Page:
Let's use compassion to treat addiction

Whenever I’ve known someone to get into a car accident, I’ve seen enormous amounts of support: People head to the hospital in droves and offer any assistance they can.  Seeing that much support tends to fill me with belief in our humanity.  People care, it would seem, and will help the injured recover from there wounds and will do whatever is needed to ensure a speedy recovery.  There’s little doubt that the outpouring of support is helpful and therapeutic, both for the injured and for the involved families.  No one has to convince anyone that supporting an injured person’s recovery is a good thing.

However, when a person attempts recovery from an addiction, I don’t see the same outpouring of support.  What I do tend to hear is the word: responsibility.  I hear it in such contexts as, “well, it’s his responsibility to get clean if he wants to,” and, “it’s her responsibility to get help,” and so on.  And while I agree that any type of recovery requires the responsibility of following an established treatment plan, I think it’s rare that anyone recovers from anything without help from someone.  It’s just that it’s easy to help someone with a broken leg; whereas it may not be so easy to help someone who’s hurt us in some way as a result of his or her addiction.   However, I think the best way to help someone recover from an addiction is to forgive.  As a matter of fact, I think it’s our collective responsibility.

Of course, we have the option of responding to any situation with anger.  And I can understand why anyone who’s been hurt would be angry.  But, as a long-term solution, anger just leads to fear, which then leads to hatred.  Nothing good could come of hating.  Rather, it’s better that we seek to understand the monster of addiction such that then we can then understand what a substance abuser may be facing.  If we can gain understanding, then we can forgive and be a resource of comfort and safety so that healing can then begin and continue.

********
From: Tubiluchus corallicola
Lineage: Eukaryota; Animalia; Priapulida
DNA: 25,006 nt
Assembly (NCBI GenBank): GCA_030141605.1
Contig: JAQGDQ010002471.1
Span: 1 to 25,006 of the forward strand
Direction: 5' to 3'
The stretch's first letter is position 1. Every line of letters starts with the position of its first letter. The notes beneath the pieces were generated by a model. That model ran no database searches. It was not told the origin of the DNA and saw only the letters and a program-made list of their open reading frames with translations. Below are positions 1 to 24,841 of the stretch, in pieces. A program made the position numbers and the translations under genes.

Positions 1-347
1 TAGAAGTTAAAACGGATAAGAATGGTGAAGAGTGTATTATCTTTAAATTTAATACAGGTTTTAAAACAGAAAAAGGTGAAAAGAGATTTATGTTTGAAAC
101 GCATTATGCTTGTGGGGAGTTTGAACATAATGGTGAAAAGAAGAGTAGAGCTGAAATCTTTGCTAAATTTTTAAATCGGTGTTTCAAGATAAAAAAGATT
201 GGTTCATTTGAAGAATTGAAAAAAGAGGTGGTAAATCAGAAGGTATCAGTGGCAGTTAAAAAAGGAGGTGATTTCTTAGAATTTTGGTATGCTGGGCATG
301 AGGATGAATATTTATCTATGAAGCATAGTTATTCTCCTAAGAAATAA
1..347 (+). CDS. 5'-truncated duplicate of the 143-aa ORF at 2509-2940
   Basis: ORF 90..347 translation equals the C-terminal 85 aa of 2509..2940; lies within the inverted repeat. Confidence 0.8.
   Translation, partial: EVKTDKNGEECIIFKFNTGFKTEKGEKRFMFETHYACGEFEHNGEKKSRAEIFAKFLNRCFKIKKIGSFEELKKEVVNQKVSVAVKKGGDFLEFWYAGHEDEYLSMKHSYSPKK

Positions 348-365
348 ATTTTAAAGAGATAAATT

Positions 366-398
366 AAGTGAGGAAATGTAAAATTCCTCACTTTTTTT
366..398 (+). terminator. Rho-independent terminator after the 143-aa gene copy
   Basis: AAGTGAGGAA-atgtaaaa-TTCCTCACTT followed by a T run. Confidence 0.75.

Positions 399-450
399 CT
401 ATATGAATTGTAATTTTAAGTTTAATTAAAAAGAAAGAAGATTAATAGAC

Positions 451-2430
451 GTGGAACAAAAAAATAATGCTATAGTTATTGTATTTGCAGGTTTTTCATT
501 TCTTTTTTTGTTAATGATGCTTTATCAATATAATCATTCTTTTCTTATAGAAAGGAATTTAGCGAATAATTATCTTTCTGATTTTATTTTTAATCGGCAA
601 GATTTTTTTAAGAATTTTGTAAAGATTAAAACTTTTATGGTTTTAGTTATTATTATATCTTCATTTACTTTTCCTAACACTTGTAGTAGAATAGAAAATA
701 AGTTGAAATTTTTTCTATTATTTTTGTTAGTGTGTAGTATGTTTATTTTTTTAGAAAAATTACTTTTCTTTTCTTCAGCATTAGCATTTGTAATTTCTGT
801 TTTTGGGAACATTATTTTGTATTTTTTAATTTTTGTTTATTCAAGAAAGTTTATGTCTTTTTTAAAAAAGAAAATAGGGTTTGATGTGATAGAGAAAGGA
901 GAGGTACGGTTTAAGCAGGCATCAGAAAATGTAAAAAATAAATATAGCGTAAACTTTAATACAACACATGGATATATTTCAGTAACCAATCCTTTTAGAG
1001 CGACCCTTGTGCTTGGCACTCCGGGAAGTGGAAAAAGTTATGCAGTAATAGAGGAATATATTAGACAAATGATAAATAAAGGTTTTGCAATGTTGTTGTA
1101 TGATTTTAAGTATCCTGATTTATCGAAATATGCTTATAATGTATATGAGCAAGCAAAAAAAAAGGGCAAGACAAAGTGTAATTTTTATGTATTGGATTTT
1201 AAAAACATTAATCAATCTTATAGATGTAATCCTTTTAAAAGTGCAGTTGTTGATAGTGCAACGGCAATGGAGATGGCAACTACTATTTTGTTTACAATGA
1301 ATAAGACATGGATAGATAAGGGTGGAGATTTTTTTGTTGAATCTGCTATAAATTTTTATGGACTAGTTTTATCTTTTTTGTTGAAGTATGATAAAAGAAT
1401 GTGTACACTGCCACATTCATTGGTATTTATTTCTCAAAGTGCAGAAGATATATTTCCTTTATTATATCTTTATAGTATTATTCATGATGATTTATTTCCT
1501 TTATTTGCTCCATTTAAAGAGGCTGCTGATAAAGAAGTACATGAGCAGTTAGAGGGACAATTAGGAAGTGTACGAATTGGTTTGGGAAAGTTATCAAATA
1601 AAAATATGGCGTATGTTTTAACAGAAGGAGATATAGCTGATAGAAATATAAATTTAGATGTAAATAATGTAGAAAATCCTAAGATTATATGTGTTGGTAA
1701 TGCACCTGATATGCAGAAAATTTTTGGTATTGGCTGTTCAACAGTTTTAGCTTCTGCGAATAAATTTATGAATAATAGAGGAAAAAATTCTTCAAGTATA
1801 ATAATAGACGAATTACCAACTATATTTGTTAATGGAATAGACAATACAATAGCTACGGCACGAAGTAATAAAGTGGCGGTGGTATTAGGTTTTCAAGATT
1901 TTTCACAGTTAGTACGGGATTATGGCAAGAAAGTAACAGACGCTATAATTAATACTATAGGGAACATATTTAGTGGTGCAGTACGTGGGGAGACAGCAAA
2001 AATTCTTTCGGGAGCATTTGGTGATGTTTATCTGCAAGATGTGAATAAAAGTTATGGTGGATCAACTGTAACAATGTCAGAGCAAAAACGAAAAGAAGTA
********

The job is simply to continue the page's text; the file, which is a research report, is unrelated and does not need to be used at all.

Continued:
I believe that it’s my responsibility as a treatment provider to provide clients with as much information such that they can find their own respective paths to recovery.  It is my responsibility to meet clients where they are, not where I think they should be and it is my responsibility to engage clients from a place of compassion and not judgment; after all, no one has ever appointed me to be the judge of all that’s right and wrong.

So then, next time you approach someone in your life who struggles with an addiction to drugs and/or alcohol, try to see him or her the same way you’d see someone with an injury.  It may lead to better situations for both you and him or her.

  1. Hmm…forgive…a word to remember along with optimism. Forgive. And patience. I may not be dealing with addicts, but as I wander around here in the Internet, I also see people that have the air of pessimists. It seems hard to deal with them, and I don’t want them to affect me, so I thought that staying away from them would be a good idea. But now, I’m thinking about it…they can still be saved, so why not just start with baby steps in helping them first? Do your best and have fun, Tobby! Keep calm, look at the bright side, and friendship for the win, too!

    Hm, I do think that no one in the world would be able to improve really well without help from someone or something, or in other words: inspiration from the world around them.

    Thank you very much for this post to reflect on, Mr. Blea! 🙂

  2. Hmm…forgive…a word to remember along with optimism. Forgive. And patience. I may not be dealing with addicts, but as I wander around here in the Internet, I also see people that have the air of pessimists. It seems hard to deal with them, and I don’t want them to affect me, so I thought that staying away from them would be a good idea. But now, I’m thinking about it…they can still be saved, so why not just start with baby steps in helping them first? Do your best and have fun, Tobby! Keep calm, look at the bright side, and friendship for the win, too!

    Hm, I do think that no one in the world would be able to improve really well without help from someone or something, or in other words: inspiration from the world around them.

    Thank you very much for this post to reflect on, Mr. Blea! 🙂